It's an interesting street. I saw the oldest and largest poplar I have ever seen in Thunder Bay in a lot beside someone's house. You can't tell from this photo but the tree must be at least 200 years old. Compared to most poplars around, this tree's base is huge, elephantine to the slender deer-like stalks of other poplars. The sound of its hundreds of leaves quivering in the wind was like the whirring and shaking of an immense shaman's rattle, a thunder rattle building up whirlwinds of energy.

Lots of car parts and body parts and machine shops on the street. This whole area has been a machine shop area since the Dominion of Canada was instituted.

An old outhouse still standing, and a pile of wood. Maybe it's used for storage now?

Back up the stairs of Eagle Bridge.

Monday, October 20, 2008

141 Kingston St. Westfort

To get to the James St. swing bridge, I first crossed over the Eagle Bridge over the train tracks and traipsed through dried grasses down to the shore of the Kam River.

Leaving the riverside, I walked past this abandoned wooden shop. You can see the James St. swing bridge way off in the back.

The place is quite ramshackle.

It must've been a shop, as it doesn't look like it was a home. Whatever its original use, its address is still sharp and unfaded, 141, that is 141 Kingston St, Westfort, Fort William, Ontario, Canada. Do you know this place?

An old rusting Caterpillar sits in the field beside the shop.

Sunday, October 19, 2008

James St. swing bridge

Last week I had to bring our car for a wheel alignment at Midway Alignment in Westfort (best price in town!) and I had one hour to kill while waiting for the car to be ready. The shop is on Gore St, which runs parallel to the Kaministiqua River, so, I decided to walk to the James St. swing bridge that crosses onto Fort William First Nations Reserve. Here you can see the north bank of the Kam River, with Fort William Elevator in the distance

Crossing the bridge to Fort William First Nations Reserve. The swing bridge is 100 years old. It is narrow and one lane per direction. Made of metal and wood, vehicles crossing it make an awful rattle. Walking across it, you could easily touch the cars that pass, and the SUVs and trucks make you cling to the railing. We used to cross this bridge on Sunday drives to Chippewa Park with my family when I was a little girl and it never failed to bring us girls in the back seat to rapt attention. Despite the metal plates that have been laid down, you can still hear each slat clatter and clang under the car tires. It's a bit unnerving.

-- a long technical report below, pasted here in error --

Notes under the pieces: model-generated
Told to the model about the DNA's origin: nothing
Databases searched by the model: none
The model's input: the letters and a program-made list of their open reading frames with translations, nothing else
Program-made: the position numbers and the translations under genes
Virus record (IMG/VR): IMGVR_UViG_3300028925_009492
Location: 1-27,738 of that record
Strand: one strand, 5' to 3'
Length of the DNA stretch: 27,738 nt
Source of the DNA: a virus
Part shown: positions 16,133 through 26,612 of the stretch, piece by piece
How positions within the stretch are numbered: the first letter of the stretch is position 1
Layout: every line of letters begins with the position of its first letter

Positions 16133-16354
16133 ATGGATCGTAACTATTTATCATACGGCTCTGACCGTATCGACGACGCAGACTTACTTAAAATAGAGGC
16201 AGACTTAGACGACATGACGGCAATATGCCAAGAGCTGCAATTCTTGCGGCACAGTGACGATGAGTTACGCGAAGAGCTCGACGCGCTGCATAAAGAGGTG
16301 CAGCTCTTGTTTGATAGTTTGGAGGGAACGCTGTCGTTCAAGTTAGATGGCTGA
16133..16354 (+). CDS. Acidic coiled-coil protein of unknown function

Looking through the slats of the bridge down river

Looking down into the river, a skeleton of a tree lies caught in a board walk

I wouldn't want to walk on that board walk. It looks awfully precarious.

Feeling a bit queasy from all the clattering, I glanced up at the sky

Relief! South bank of the Kam River, FWFN land

Dodging traffic, I jumped across the road and walked back the other side of the bridge

This is the part of the bridge that swings

looking up river, you can see the Place where the Thunder Birds Nest aka Mt. McKay

Back to Westfort

Friday, October 17, 2008

The Bluffs, part 3

After walking along the south ridge of the Bluffs, you end up looking north, over the Hydro corridor. Because it is a clearing for hydro lines, all the trees have been clearcut. So the north side of the Bluffs looks unlike the south side, which I showed you earlier.

A trail follows along the Hydro corridor to Centennial Park. You can see a family with a baby stroller walking on the path. There are a few paths that lead down from the Bluffs; one path descends on a slow arching curve down the back of the Bluffs, but another goes almost straight down causing you to grab onto slim poplars so you don't slide down. The paths all lead to this trail going to Centennial Park. From there, you can get on the trails that will take you to the Cascades, which I have already told you about.

However, my husband and I had gone for a quick hike before Thanksgiving dinner at my mom's, so we didn't have time to hike to Centennial Park or beyond, instead

we took one of the paths

leading to

the bottom of The Bluffs

These cliffs are used for rock climbing and ice-climbing in the winter.

My husband scampered up the rock face somehow, don't ask me how. I told him, "I'll meet you up at the top"....